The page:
I never thought to use simultaneous equations, I've never used them before in physics only in maths. That's a tough question.

Posted from TSR Mobile
5. (Original post by RossB1702)
I never thought to use simultaneous equations, I've never used them before in physics only in maths. That's a tough question.

Posted from TSR Mobile
I'm still doing my GCSEs, so I'm not 100% sure it's right but that's how I first thought to do it.
6. (Original post by BobBobson)
I'm still doing my GCSEs, so I'm not 100% sure it's right but that's how I first thought to do it.
You do AVUTS questions in GCSE's ? I did them in Scottish higher physics last year and am now doing advanced higher. Just out of curiosity what's the hardest part of GCSE physics ? I'm sure you're right btw with the simultaneous equation because it looks reasonable and I couldn't find any other method of calculations to do it, you must be pretty good at physics for knowing to do it that way.

Posted from TSR Mobile
7. (Original post by RossB1702)
You do AVUTS questions in GCSE's ? I did them in Scottish higher physics last year and am now doing advanced higher. Just out of curiosity what's the hardest part of GCSE physics ? I'm sure you're right btw with the simultaneous equation because it looks reasonable and I couldn't find any other method of calculations to do it, you must be pretty good at physics for knowing to do it that way.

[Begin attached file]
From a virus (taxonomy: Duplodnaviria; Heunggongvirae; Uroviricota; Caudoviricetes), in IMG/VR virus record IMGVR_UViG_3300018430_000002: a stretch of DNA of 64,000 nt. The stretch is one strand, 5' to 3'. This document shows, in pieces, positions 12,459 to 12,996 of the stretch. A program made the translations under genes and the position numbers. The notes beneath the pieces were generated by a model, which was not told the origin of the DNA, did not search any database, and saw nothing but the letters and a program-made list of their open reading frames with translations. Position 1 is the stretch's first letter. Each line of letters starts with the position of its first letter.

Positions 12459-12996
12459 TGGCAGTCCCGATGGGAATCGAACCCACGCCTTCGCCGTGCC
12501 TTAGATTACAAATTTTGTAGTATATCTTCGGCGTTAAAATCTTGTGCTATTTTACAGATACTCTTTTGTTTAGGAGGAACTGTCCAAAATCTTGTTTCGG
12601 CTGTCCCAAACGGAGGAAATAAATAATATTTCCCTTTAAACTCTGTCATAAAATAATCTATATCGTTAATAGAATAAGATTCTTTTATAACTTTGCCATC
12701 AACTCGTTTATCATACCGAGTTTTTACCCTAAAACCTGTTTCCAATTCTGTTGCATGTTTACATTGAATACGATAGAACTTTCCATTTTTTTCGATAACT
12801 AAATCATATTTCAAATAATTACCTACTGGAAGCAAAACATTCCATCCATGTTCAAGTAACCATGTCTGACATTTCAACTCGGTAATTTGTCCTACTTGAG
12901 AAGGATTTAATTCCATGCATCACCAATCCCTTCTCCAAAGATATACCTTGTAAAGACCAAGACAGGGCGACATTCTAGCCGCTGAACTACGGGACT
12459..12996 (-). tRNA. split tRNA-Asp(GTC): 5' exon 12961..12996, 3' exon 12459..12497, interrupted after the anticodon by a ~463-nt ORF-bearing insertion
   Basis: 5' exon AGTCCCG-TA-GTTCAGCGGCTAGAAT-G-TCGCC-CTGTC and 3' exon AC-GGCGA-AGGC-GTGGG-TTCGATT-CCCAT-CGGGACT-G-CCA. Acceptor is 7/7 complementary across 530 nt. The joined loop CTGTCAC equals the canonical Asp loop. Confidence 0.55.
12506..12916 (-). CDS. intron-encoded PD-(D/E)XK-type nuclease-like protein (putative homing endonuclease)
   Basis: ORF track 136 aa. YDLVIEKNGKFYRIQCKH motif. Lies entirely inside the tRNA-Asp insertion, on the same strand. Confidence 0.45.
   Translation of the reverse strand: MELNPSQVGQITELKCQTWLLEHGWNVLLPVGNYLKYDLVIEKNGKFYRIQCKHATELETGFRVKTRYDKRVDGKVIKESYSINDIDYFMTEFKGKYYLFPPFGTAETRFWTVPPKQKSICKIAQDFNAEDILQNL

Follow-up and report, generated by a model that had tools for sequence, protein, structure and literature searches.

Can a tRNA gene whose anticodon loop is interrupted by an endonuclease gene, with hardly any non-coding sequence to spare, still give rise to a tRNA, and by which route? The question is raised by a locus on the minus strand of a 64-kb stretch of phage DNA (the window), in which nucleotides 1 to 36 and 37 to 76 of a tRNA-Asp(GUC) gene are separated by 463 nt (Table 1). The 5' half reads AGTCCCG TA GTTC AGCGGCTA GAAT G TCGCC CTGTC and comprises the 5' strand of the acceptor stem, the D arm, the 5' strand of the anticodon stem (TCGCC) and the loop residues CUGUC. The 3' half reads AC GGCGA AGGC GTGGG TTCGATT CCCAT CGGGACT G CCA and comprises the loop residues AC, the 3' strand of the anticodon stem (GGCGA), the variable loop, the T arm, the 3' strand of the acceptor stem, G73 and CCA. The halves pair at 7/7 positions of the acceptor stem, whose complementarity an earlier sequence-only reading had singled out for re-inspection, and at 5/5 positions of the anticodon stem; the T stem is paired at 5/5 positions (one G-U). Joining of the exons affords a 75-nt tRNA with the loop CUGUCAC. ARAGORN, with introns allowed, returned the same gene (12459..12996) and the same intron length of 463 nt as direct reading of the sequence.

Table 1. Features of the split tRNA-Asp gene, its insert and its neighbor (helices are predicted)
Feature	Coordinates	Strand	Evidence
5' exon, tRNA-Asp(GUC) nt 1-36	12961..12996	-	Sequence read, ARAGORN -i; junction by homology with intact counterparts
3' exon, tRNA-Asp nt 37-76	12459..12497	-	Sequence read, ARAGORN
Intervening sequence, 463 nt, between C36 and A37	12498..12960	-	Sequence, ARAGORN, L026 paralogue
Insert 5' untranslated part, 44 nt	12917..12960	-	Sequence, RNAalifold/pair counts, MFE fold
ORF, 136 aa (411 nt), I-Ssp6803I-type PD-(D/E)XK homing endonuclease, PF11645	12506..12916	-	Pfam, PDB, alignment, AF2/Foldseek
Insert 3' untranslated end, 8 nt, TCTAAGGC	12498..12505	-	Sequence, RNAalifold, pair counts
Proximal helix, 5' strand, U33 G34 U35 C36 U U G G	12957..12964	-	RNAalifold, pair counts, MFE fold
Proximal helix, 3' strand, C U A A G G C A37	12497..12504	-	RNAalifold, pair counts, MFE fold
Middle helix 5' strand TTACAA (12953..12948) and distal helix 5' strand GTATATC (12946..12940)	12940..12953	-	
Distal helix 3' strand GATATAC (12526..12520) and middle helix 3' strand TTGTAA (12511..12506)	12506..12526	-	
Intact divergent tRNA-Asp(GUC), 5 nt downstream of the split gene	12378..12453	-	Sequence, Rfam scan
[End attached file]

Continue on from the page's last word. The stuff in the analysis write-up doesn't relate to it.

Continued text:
Posted from TSR Mobile
GCSE Physics isn't hard, it's just a test of memory. The hardest stuff is stuff like nuclear fission / fusion or red shift but that's not really that hard. We learned about kinematic equations in maths, but now they removed that in the new GCSE.
8. (Original post by BobBobson)
GCSE Physics isn't hard, it's just a test of memory. The hardest stuff is stuff like nuclear fission / fusion or red shift but that's not really that hard. We learned about kinematic equations in maths, but now they removed that in the new GCSE.
Yeah, I'm sure AS or A level will challenge you a little when it comes. For now enjoy the smooth sailing. Good luck on your GCSE's!

Posted from TSR Mobile

## Register

Thanks for posting! You just need to create an account in order to submit the post
1. this can't be left blank
2. this can't be left blank
3. this can't be left blank

6 characters or longer with both numbers and letters is safer

4. this can't be left empty
1. Oops, you need to agree to our Ts&Cs to register

Updated: September 20, 2016
TSR Support Team

We have a brilliant team of more than 60 Support Team members looking after discussions on The Student Room, helping to make it a fun, safe and useful place to hang out.

This forum is supported by:
Today on TSR

### Girlfriend studies instead of seeing me

Then says she misses me!

Poll

## All the essentials

### Student life: what to expect

What it's really like going to uni

### Essay expert

Learn to write like a pro with our ultimate essay guide.

### Create a study plan

Get your head around what you need to do and when with the study planner tool.

### Resources by subject

Everything from mind maps to class notes.

### Study tips from A* students

Students who got top grades in their A-levels share their secrets